REPACTED’s magnet outreaches in the prison have developed into Talent Arena for the inmates who are welcome to present their skits and comedies including music. They get to develop prevention messages and present them through these various means to their fellow inmates. In the women’s prison inmates group themselves and even take time to rehearse their pieces capturing the theme of the day and targeting the woman and their lives at home in caring for their family. It is quite clear that they have learnt to empower each other and nurture their talents that they have within them as they prepare to go back to their homes and families. As they perform, they elicit discussions and comments surrounding risky behavior among the inmates, their status, effects and consequences including the risk they may put to their family members when they are released. They feel honored to see REPACTED members watching their various presentations as they do their best to outdo them. It has proved to be quite effective telling by the numbers achieved at the end of the four day initiative.
At the staff quarters REPACTED noted the various challenges that the wardens are faced with because of working away from their homes. Also there is stigma around the wardens and surrounding community’s perception on people going to get tested. According to some of them being seen by the community going for testing gave people the idea that they might be indulging in immoral behavior and thereby a small number turned up for the testing in the day but large numbers came for the same service during the moonlight activity.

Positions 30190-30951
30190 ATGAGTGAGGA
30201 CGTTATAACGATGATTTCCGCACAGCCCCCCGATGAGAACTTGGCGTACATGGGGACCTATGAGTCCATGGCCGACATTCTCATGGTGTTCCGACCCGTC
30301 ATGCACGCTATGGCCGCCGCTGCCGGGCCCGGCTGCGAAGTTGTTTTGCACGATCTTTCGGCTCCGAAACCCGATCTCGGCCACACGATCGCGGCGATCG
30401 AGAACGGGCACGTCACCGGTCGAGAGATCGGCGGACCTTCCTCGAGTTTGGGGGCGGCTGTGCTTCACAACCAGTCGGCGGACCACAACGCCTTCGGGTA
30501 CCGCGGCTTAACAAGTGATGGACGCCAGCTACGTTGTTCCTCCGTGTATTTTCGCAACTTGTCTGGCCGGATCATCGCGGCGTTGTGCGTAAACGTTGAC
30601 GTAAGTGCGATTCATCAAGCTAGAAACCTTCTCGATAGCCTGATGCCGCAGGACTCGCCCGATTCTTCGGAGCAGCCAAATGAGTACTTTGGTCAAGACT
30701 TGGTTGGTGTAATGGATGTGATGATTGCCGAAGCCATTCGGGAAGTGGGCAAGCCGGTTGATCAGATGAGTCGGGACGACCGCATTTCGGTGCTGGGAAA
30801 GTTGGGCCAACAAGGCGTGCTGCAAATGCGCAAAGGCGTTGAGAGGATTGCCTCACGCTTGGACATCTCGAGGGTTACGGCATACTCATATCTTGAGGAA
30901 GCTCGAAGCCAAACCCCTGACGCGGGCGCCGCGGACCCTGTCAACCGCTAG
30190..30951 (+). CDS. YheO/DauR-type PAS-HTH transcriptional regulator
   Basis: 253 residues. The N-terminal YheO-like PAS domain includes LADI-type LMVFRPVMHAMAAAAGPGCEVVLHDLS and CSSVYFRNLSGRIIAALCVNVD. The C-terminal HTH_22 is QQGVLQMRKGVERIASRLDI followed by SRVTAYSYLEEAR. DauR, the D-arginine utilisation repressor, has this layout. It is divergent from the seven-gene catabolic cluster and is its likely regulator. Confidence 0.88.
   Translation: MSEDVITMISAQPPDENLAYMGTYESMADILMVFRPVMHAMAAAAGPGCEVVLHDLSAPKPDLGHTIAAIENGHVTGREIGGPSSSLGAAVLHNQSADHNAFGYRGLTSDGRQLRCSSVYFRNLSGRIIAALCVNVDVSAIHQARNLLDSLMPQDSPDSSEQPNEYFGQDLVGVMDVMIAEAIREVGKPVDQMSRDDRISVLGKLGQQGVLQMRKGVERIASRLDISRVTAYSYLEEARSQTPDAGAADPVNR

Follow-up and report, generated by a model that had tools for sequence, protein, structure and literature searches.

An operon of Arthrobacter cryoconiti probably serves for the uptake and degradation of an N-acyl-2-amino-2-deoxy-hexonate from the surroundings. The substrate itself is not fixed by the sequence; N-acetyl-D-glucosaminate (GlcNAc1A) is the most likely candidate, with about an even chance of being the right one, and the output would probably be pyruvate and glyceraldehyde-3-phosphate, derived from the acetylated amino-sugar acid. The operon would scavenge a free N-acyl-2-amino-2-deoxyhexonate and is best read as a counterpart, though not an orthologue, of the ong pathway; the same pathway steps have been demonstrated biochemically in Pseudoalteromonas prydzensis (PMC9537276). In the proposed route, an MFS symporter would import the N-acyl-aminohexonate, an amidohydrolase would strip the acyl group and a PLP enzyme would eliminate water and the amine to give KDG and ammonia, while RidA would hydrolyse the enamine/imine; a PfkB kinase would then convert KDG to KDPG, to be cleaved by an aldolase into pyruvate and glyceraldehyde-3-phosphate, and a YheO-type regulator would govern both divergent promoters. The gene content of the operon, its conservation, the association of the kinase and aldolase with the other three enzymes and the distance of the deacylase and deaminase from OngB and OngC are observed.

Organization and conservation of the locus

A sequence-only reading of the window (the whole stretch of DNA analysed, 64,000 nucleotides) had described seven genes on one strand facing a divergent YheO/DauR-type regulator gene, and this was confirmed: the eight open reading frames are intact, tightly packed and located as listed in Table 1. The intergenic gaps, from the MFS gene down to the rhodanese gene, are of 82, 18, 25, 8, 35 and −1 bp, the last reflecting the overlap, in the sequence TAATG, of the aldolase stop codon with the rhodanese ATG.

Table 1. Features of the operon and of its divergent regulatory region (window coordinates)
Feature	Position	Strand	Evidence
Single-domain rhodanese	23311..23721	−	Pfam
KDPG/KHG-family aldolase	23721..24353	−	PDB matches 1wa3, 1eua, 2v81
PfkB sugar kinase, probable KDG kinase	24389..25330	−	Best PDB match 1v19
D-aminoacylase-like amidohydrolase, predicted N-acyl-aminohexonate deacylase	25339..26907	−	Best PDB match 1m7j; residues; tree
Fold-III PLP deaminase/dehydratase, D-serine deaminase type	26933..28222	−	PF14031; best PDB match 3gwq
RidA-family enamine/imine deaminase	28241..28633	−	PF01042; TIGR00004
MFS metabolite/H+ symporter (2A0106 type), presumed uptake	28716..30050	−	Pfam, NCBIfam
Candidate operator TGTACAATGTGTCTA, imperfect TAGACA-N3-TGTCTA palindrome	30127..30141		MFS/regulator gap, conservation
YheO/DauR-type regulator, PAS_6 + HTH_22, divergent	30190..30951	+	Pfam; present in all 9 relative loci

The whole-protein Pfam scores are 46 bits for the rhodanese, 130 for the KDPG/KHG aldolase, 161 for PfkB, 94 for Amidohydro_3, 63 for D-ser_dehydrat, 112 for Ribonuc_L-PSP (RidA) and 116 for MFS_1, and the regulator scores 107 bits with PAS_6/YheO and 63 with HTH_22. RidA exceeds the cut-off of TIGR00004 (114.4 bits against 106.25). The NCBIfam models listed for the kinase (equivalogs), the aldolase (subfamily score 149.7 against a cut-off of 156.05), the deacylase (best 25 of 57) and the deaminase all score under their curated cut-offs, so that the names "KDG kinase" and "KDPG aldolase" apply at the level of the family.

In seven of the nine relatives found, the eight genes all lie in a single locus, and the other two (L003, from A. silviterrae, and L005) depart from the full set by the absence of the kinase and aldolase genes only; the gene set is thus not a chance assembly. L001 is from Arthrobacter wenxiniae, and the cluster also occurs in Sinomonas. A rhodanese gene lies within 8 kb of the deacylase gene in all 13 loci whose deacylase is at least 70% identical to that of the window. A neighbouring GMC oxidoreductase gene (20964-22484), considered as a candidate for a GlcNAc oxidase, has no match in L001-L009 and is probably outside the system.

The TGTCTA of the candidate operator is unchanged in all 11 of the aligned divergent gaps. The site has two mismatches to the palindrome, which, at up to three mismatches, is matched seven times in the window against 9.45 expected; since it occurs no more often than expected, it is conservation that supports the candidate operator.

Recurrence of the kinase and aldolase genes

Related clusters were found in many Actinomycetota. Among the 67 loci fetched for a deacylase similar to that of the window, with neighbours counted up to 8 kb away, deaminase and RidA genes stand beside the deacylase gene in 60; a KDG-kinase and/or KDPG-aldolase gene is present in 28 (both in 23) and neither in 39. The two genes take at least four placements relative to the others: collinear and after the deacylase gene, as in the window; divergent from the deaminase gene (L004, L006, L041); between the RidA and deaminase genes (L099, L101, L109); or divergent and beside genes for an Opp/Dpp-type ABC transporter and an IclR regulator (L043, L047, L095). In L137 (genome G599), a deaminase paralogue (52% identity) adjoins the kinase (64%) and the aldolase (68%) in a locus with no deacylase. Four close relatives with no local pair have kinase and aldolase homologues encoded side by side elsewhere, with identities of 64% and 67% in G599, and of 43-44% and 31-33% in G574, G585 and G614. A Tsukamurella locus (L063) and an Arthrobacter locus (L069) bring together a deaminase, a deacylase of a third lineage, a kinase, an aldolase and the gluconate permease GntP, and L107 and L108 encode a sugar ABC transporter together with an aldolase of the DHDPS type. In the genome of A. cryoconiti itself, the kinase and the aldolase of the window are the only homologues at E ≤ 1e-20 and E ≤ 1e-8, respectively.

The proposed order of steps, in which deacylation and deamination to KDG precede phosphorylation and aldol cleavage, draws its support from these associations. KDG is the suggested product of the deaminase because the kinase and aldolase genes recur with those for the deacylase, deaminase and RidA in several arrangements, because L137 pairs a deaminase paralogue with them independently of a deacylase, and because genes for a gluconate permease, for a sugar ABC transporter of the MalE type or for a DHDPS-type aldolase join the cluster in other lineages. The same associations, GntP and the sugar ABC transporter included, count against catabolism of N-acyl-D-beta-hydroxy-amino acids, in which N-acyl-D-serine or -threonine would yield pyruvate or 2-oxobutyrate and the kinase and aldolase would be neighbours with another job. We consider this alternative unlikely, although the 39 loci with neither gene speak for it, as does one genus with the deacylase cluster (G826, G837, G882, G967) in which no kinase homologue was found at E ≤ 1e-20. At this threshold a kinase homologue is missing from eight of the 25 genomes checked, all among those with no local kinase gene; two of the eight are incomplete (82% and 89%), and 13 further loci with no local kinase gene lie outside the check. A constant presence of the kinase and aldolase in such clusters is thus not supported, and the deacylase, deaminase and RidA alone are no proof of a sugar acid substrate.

By the world aids day the VCT councilors had managed to test about a total of 1214 inmates, officers and their family members.
MR. AND MISS RED RIBBON
On 28th of November the Nakuru town headed for Bontana Hotel for the Mr. and Miss red ribbon pageant. The event was organized jointly by Repacted Kenya assisted by Voice of Roses and the National Aids Control Council. Its participants were drawn from different community based organizations, indiscriminate of their status, background and age. The participants took up to three weeks preparing for the event and undergoing peer education training and care of the HIV/AIDS infected. When the participants finally took to the runway over the blue waters of the Bontana swimming pool it was nothing but colorful, not only in the dressing that they put on in line with their understanding of the course of the Mr. and miss red ribbon. The event attracted more than 1000 youths and young at heart within Nakuru town.